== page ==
The following is a summary of some of the ideas of Siddhartha Gautama (563-483 BCE) courtesy of the Peoria Buddhist Studies Group.

-- Written and contributed by Dan Dexter

Gentleness, serenity and compassion through liberation from selfish craving. These are the fundamental teachings of the philosophy of Buddhism, begun 2500 years ago by Prince Siddhartha Gautama. According to Buddhism, suffering in human life is caused by self-centered desire. The ultimate aim of the good person should be the elimination of such desire, which can be attained through grasping the truth about reality and following the eightfold path leading to Nirvana. The Dharma is a remarkable guide down the ancient path of a great religion devoted to the realization of universal love.

Buddhism is open minded.

"Friends, do not be hasty to believe a thing even if everyone repeats it or if it is written in holy scripture or spoken by a revered teacher. Accept only those things which accord with your own reason, things which the wise and virtuous support, things which in practice bring benefit and happiness."

It is realistic and centered on experience.

"My teaching is not a doctrine or philosophy. It is not the result of thought or mental conjecture. It is the result of direct experience. The things I say come from my own experience. You can confirm them all by your own experience.

"My goal is not to explain the universe. My teaching is not a dogma or a doctrine. I must state clearly that my teaching is a method to experience reality, and not reality itself, just as a finger pointing at the moon is not the moon itself. An intelligent person makes use of the finger to see the moon. A person who only looks at the finger and mistakes it for the moon will never see the real moon. My teaching is a means of practice, not something to hold onto or worship. Only a fool would continue to carry his raft around after he had already used it to reach the other shore, the shore of liberation."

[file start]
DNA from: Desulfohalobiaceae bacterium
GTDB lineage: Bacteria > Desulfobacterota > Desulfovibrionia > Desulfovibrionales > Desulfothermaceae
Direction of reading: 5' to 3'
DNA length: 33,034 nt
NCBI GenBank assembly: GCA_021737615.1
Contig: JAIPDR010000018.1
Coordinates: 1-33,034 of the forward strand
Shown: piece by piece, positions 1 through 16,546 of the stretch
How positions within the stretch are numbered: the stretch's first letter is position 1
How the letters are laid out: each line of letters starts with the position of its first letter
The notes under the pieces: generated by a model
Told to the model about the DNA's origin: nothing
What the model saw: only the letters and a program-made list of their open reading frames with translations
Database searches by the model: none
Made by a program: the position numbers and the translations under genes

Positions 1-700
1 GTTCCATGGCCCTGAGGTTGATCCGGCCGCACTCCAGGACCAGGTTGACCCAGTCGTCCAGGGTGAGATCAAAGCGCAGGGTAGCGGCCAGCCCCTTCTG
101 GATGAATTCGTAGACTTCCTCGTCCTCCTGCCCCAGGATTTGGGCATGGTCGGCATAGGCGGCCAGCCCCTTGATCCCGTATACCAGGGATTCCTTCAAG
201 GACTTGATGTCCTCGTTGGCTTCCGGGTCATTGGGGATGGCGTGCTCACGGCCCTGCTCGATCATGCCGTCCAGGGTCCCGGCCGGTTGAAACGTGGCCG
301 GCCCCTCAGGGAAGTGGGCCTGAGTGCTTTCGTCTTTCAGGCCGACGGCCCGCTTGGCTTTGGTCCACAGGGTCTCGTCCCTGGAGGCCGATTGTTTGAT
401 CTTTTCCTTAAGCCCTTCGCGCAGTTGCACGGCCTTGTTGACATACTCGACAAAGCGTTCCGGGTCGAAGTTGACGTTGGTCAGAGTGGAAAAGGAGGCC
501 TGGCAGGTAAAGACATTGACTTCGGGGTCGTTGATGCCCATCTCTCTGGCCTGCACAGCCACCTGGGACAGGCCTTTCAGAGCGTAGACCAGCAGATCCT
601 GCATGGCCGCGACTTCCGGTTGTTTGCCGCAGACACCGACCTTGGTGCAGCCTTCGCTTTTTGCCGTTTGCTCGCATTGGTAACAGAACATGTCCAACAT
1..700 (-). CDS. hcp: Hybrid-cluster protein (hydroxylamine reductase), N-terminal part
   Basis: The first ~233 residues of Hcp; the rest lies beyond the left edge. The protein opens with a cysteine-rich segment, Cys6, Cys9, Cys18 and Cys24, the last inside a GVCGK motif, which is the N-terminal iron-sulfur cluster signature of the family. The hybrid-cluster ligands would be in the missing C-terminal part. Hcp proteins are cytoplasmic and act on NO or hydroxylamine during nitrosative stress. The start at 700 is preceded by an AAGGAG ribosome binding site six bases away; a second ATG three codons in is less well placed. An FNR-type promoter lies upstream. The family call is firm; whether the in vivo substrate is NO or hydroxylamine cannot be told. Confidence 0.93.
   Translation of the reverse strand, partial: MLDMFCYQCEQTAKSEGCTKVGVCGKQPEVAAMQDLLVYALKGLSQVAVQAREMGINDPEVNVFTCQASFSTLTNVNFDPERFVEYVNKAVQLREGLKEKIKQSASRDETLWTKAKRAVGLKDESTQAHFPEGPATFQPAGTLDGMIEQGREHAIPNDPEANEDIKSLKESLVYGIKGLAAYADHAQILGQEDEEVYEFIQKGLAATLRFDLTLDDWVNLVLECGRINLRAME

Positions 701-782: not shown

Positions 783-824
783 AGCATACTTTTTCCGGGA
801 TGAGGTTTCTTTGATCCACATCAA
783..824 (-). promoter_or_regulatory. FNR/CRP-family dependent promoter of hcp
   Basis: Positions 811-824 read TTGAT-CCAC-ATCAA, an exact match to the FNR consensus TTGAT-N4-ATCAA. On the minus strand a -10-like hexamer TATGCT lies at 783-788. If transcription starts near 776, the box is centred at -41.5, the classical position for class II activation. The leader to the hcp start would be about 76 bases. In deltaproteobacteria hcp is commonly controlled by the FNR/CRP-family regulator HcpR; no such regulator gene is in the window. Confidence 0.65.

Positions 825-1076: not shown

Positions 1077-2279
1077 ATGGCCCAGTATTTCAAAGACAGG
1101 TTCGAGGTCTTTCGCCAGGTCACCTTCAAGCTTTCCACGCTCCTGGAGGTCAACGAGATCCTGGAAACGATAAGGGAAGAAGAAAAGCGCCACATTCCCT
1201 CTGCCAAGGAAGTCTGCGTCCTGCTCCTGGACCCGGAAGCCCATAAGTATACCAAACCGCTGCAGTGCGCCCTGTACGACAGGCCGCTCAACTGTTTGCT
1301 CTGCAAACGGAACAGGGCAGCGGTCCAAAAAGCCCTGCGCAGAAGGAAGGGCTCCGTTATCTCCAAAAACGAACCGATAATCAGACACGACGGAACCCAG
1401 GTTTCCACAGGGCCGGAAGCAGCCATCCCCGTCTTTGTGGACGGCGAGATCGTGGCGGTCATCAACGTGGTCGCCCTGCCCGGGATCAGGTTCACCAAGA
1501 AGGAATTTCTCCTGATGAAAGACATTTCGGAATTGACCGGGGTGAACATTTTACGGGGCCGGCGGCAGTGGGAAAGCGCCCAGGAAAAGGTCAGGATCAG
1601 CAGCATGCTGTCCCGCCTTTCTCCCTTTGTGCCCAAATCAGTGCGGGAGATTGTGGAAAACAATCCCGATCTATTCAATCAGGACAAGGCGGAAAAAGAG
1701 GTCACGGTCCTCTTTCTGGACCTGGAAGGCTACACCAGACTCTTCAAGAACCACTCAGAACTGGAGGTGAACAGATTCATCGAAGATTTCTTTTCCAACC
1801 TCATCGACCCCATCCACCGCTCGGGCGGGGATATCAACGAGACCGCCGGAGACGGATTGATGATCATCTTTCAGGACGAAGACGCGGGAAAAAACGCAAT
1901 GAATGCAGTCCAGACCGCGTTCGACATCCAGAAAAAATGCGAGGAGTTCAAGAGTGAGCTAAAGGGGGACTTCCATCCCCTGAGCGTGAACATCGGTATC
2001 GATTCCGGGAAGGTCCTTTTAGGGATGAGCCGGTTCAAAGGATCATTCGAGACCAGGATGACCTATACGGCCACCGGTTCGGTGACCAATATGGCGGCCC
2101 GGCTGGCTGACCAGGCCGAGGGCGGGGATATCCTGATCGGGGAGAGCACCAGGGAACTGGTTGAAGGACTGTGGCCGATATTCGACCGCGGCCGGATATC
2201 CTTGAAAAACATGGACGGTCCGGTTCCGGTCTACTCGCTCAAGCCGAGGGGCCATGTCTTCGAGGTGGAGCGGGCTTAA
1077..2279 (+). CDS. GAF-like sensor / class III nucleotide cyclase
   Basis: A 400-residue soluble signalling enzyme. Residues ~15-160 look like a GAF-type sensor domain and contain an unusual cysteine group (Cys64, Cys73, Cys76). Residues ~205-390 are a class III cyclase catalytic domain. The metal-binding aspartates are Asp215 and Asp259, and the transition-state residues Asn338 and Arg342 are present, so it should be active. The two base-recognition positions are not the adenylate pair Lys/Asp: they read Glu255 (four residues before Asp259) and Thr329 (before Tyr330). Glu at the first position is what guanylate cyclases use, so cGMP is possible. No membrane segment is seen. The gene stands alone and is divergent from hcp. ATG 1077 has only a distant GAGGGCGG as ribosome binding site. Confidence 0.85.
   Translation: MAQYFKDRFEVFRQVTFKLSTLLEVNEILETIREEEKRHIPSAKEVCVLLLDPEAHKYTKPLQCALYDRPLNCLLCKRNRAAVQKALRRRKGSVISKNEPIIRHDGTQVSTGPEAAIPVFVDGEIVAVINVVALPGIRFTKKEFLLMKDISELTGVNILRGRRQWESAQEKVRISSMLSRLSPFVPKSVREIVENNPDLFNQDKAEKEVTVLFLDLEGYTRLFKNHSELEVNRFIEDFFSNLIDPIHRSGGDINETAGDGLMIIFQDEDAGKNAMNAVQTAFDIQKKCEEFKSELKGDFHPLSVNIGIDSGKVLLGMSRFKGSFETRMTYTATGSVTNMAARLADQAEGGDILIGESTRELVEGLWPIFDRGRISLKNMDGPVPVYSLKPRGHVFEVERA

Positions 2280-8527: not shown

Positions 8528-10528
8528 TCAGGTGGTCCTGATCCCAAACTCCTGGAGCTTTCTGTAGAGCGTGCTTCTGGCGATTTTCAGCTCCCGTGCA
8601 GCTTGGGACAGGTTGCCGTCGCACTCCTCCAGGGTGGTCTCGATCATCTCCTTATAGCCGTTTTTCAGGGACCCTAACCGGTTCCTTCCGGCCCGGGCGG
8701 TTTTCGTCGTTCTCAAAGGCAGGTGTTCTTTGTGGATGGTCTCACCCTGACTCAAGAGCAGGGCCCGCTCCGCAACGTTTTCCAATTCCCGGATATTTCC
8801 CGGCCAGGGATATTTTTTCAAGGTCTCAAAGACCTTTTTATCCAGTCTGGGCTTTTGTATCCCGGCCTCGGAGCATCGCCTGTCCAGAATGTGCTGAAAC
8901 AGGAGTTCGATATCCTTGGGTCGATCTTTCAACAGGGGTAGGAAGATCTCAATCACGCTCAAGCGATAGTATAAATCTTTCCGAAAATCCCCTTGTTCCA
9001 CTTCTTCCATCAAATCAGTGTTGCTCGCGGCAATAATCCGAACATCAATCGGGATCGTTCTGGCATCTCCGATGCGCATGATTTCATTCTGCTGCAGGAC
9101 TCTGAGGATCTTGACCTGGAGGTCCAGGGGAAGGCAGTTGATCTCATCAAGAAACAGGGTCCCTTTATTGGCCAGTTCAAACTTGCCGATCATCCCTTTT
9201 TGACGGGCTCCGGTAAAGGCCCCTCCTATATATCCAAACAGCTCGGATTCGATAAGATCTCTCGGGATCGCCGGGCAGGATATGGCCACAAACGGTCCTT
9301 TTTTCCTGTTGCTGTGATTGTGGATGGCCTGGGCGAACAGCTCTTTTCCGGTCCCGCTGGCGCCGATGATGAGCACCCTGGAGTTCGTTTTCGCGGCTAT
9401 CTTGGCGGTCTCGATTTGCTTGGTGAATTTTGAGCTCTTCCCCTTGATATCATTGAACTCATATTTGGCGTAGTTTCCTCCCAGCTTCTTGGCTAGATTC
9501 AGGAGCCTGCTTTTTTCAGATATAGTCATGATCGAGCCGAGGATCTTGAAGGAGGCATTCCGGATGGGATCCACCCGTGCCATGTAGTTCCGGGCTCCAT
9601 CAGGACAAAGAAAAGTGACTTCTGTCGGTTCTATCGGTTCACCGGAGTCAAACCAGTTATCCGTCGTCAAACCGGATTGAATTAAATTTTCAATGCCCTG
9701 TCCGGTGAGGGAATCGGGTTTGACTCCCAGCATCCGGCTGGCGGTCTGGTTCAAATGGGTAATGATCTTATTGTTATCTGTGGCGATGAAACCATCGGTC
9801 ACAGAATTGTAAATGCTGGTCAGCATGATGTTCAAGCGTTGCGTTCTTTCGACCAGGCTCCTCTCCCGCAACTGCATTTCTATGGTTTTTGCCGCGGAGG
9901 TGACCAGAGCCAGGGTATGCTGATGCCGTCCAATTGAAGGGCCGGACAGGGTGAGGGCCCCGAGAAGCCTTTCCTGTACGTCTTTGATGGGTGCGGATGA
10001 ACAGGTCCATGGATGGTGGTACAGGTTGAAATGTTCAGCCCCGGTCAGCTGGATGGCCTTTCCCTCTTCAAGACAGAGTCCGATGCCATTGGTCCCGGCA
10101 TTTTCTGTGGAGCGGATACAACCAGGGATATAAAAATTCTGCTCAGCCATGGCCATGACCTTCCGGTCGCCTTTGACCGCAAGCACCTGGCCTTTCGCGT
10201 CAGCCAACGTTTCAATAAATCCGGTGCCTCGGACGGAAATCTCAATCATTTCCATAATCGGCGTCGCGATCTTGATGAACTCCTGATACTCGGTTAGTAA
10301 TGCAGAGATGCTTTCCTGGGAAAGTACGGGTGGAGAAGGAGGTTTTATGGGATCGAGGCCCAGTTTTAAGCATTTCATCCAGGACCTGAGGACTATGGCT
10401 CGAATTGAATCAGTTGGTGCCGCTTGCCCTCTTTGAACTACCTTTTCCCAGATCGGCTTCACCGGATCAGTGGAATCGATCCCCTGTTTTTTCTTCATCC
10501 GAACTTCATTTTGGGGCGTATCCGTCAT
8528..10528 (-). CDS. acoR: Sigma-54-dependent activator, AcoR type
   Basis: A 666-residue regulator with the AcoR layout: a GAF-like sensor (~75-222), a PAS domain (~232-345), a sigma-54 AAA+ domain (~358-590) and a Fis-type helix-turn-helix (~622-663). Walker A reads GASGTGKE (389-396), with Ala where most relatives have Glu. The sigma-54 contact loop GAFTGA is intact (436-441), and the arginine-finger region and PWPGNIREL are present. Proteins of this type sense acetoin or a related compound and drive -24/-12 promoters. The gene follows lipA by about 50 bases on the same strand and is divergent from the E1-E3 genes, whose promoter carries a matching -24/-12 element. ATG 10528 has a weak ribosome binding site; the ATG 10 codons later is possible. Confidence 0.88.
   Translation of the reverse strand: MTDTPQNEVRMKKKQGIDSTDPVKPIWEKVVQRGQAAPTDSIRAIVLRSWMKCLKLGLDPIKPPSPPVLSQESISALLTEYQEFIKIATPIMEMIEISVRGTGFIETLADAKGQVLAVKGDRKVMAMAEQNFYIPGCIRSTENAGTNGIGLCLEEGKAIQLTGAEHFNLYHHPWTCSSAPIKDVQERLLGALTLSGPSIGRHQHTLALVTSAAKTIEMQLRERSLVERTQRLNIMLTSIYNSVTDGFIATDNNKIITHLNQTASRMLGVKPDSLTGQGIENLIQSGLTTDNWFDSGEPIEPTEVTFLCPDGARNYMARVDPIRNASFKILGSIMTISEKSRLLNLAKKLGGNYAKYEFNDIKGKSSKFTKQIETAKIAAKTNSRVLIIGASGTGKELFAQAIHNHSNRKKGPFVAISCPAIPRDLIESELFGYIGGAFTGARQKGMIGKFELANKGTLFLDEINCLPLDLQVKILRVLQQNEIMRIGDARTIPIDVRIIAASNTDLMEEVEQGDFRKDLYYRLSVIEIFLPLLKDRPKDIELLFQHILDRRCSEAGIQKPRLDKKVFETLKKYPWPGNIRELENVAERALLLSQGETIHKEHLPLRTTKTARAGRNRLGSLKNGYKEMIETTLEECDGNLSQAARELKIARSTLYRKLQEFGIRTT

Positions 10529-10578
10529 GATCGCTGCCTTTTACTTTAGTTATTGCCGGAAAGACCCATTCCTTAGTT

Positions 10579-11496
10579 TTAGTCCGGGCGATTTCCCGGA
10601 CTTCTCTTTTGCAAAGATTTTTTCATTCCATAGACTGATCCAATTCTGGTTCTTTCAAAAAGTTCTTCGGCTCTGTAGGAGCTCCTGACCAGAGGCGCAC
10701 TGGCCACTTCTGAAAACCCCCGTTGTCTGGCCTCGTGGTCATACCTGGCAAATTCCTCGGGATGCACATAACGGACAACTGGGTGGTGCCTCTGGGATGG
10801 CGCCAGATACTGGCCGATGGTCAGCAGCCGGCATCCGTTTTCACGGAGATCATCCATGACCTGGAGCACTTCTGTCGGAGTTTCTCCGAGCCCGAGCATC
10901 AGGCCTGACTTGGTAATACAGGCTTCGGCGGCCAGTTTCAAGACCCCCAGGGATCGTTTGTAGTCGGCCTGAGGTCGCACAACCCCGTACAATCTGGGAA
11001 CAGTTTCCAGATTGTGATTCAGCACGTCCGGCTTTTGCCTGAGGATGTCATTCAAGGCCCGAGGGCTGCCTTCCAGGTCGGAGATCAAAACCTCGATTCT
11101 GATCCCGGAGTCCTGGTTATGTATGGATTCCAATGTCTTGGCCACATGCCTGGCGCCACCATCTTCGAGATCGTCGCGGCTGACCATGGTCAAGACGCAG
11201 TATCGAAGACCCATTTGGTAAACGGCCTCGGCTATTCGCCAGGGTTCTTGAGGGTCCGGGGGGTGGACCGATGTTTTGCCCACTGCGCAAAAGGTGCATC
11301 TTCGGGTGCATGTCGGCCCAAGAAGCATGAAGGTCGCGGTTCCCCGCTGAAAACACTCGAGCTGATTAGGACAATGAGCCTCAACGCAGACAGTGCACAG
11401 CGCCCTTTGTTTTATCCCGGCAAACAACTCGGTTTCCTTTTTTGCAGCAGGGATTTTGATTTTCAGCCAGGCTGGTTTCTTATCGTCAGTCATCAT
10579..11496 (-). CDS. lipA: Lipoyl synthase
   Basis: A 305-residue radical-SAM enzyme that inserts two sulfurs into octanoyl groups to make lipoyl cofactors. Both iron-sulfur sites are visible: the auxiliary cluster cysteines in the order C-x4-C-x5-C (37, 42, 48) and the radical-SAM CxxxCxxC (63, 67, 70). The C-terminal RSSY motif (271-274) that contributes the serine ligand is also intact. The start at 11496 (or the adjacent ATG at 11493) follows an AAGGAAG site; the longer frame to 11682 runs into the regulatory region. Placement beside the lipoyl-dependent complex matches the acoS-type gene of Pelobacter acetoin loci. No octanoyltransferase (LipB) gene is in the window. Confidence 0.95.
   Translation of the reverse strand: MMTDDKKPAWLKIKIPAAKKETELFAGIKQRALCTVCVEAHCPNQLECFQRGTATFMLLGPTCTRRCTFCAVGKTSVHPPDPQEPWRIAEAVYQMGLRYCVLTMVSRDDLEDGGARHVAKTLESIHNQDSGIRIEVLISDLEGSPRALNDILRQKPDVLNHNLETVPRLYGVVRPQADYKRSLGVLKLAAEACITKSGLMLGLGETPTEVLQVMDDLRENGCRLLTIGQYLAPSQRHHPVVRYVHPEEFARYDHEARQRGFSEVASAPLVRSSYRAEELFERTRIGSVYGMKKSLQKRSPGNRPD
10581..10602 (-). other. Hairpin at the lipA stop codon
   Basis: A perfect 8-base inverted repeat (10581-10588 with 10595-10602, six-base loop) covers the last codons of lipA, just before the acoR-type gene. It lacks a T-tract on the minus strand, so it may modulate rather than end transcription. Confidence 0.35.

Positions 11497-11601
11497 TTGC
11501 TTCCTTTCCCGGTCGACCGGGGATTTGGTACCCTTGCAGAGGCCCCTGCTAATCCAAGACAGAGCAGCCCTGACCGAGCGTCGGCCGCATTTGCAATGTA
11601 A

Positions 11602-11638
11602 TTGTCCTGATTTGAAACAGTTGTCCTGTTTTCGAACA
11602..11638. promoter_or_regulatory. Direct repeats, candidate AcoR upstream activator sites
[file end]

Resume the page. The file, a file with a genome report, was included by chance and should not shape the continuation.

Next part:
Living in the present is the way to freedom.

Understanding, compassion and love are one. They are keys to freedom. In order to attain them, it is necessary to live mindfully, making direct contact with life in the present moment, truly seeing what is taking place within and outside oneself. Practicing mindful attention strengthens the ability to look deeply, and when we see deeply into the heart of anything, truth will reveal itself. This is the secret treasure of mindfulness -- it leads to the realization of enlightenment.

The foundation of Buddhism

  1. Frustration and suffering seem to be unfortunate conditions of human life. If it ain't one darned thing, it's another.
  2. There are causes of all this.The causes are ignorance and craving. We often cannot see the truth about life and get caught up in desire, anger, jealousy and so forth.
  3. There is a cure to this problem. Frustration and suffering can be stopped.
  4. The way to do that is a way of dealing with life called the noble eightfold path.

Eight Practices of Wisdom Life is a golden path illumined by eight practices:

1. Perfect understanding
2. Perfect thought
3. Perfect speech
4. Perfect action
5. Perfect livelihood
6. Perfect effort
7. Perfect mindfulness
8. Perfect concentration